Summarized Problem: A baseball is thrown vertically up with speed \(v_o\) and is subject to a quadratic drag with magnitude \(f(v) = cv^2\). Write down the equation of motion for the upward journey (measuring y vertically up) and show that it can be rewritten as \( \dot{v} = —g[1 + (v/v_{\textrm{ter}})^2]\). Show that the baseball's maximum height is \[y_{\textrm{max}} = \frac{v^2_{\textrm{ter}}}{2g} \ln \left(\frac{v^2_{\textrm{ter}} + v^2_o}{v^2_{\textrm{ter}}}\right)\]

Solution: Writing the equation of motion is pretty straight forward: the two forces acting on the ball are the quadratic drag force and gravity. Therefore, \[F = -f(v) - mg = -cv^2 - mg,\] meaning that \[\dot{v} = -\frac{cv^2}{m} - g.\] We can then factor this equation: \[\dot{v} = -g\left[1+ \frac{cv^2}{mg}\right].\] Now, to answer the first part of the question, we need to show that \(\frac{mg}{c} = v^2_{\textrm{ter}}\). If the forces acting on an object in free fall are \[F = cv^2 - mg,\] then the terminal velocity can only be reached when \(cv^2 = mg\), meaning that \[v^2_{\textrm{ter}} = \frac{mg}{c}.\] The next part of the question is asking us to find the maximum height of the ball in terms of its initial velocity using the handy relation \(\dot{v} = v\frac{dv}{dy}\). Since we already have an equation for \(\dot{v}\), this differential equation is pretty easy to solve. Once the variables are separated, we must find the definite integral from \(v_o\) to \(v\). The reason we must find the definite integral instead of the indefinite integral is because this equation is a little weird in the sense that instead of time being the variable, velocity is. Since the velocity is decreasing predictably (it's decreasing quadratically), finding the definite integral essentially gives us a proxy for how much time has passed, and subsequently the distance travelled.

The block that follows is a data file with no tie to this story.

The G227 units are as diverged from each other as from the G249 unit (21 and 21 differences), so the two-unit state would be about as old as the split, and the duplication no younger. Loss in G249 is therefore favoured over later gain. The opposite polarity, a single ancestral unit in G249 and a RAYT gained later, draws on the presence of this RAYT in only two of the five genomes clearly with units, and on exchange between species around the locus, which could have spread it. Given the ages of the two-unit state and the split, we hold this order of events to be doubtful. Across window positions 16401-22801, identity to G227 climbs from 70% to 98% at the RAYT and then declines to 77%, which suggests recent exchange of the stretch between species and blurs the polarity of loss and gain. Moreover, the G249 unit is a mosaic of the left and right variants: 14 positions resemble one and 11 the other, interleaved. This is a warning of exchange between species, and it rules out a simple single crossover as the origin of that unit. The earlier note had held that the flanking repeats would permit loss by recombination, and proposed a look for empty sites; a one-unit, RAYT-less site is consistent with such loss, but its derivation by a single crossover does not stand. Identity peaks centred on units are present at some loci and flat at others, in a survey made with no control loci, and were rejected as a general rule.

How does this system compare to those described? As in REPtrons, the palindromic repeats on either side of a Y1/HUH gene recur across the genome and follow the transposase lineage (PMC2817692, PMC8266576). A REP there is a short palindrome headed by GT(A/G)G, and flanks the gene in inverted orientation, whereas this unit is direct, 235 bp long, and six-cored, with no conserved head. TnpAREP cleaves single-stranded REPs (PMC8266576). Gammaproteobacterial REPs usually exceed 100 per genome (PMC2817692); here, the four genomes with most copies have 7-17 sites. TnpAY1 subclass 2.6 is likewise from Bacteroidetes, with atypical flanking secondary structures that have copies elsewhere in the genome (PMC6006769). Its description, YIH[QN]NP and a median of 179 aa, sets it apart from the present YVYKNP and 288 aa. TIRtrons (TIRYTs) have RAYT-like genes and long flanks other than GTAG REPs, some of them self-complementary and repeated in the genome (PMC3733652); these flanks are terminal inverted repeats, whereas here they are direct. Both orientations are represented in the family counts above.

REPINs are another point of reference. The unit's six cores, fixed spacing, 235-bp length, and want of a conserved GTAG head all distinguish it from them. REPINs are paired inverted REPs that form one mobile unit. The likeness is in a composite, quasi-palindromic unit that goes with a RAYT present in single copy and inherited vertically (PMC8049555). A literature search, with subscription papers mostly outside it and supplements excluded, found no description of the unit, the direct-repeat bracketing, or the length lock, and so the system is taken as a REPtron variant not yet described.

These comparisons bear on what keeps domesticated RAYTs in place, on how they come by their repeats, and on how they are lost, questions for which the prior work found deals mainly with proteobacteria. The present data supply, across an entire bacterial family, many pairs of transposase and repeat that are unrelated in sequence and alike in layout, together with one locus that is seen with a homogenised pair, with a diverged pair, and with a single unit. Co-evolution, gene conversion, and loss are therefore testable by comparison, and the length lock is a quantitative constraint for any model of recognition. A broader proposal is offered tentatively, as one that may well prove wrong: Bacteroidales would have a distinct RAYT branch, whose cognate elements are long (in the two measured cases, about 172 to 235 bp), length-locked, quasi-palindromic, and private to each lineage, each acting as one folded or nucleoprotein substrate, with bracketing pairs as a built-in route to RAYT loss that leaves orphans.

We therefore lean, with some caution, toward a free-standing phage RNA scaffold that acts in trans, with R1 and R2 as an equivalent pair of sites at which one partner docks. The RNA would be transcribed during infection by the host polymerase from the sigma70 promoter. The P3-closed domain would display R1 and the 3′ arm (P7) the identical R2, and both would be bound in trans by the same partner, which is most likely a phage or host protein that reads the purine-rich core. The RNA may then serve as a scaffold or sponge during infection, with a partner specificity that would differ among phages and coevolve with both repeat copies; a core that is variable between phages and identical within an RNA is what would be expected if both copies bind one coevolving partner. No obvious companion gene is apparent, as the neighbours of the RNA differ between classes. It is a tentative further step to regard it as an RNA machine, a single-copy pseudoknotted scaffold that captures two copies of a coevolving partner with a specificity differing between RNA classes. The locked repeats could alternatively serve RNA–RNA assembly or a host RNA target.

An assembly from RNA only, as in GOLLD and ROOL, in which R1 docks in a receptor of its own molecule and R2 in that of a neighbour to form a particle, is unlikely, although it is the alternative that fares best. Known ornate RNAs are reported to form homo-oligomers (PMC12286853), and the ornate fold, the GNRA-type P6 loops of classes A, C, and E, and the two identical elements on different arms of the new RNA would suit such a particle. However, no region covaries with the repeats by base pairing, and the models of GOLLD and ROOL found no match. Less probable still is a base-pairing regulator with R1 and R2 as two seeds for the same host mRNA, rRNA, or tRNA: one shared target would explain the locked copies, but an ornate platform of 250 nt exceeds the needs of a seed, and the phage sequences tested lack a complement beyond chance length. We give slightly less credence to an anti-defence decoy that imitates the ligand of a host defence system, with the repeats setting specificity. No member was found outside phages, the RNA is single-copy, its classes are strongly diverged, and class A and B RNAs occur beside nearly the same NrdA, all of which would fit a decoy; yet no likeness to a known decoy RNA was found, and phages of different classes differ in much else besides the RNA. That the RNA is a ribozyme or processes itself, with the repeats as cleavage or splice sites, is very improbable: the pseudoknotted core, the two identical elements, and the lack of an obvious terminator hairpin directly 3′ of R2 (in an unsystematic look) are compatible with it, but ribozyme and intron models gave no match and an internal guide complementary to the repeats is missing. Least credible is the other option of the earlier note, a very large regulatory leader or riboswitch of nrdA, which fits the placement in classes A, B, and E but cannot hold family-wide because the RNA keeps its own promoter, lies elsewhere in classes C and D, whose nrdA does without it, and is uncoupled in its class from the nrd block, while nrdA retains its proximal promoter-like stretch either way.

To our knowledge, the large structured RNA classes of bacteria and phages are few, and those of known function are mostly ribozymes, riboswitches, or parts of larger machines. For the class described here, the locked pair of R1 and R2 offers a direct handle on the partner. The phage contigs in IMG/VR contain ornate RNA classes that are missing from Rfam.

For example, the only time (along the upward trajectory) at which \(v=v_o\) is \(t=0\), so if we evaluate the definite integral from \(v_o\) to \(v_o\), we'll obviously find that the baseball hasn't travelled any distance at all. Also, keep in mind that this equation only describes the upward trajectory of the ball. \[\dot{v} = v\frac{dv}{dy}\] \[-g\left[1+ \frac{v^2}{v^2_{\textrm{ter}}}\right] = v\frac{dv}{dy}\] \[\frac{-g\left[1+ \frac{v^2}{v^2_{\textrm{ter}}}\right]}{vdv} = \frac{1}{dy}\] \[\frac{vdv}{-g\left[1+ \frac{v^2}{v^2_{\textrm{ter}}}\right]} = dy\] \[y = -\frac{1}{g} \int_{v_o}^{v} \frac{v}{\frac{v^2}{v^2_{\textrm{ter}}} + 1}dv\] Let \(u = \frac{v^2}{v^2_{\textrm{ter}}} + 1\) and \(du = \frac{2}{v^2_{\textrm{ter}}}vdv\) \[y = -\frac{v^2_{\textrm{ter}}}{2g} \int_{v_o}^{v} \frac{1}{u}du\] \[y = \left. -\frac{v^2_{\textrm{ter}}}{2g} \ln u \right|_{v_o}^{v}\] \[y = \left. -\frac{v^2_{\textrm{ter}}}{2g} \ln \left(\frac{v^2}{v^2_{\textrm{ter}}} + 1\right) \right|_{v_o}^{v}\] \[y = -\frac{v^2_{\textrm{ter}}}{2g} \ln \left(\frac{v^2}{v^2_{\textrm{ter}}} + 1\right) + \frac{v^2_{\textrm{ter}}}{2g} \ln \left(\frac{v_o^2}{v^2_{\textrm{ter}}} + 1\right)\] Since we're looking for \(y_\textrm{max}\), we're looking for the height when the velocity is 0, meaning that the ball is at the peak of its trajectory and about to head back towards the ground. Thus, we can evaluate the above equation at \(v=0\) to find \(y_\textrm{max}\). \[y_{\textrm{max}} = -\frac{v^2_{\textrm{ter}}}{2g} \ln \left(\frac{0^2}{v^2_{\textrm{ter}}} + 1\right) + \frac{v^2_{\textrm{ter}}}{2g} \ln \left(\frac{v_o^2}{v^2_{\textrm{ter}}} + 1\right)\] \[y_{\textrm{max}} = \frac{v^2_{\textrm{ter}}}{2g} \ln \left(\frac{v_o^2}{v^2_{\textrm{ter}}} + 1\right)\] \[y_{\textrm{max}} = \frac{v^2_{\textrm{ter}}}{2g} \ln \left(\frac{v_o^2 + v^2_{\textrm{ter}}}{v^2_{\textrm{ter}}}\right)\] And thus, we have shown that the peak of the trajectory that the question posed is correct.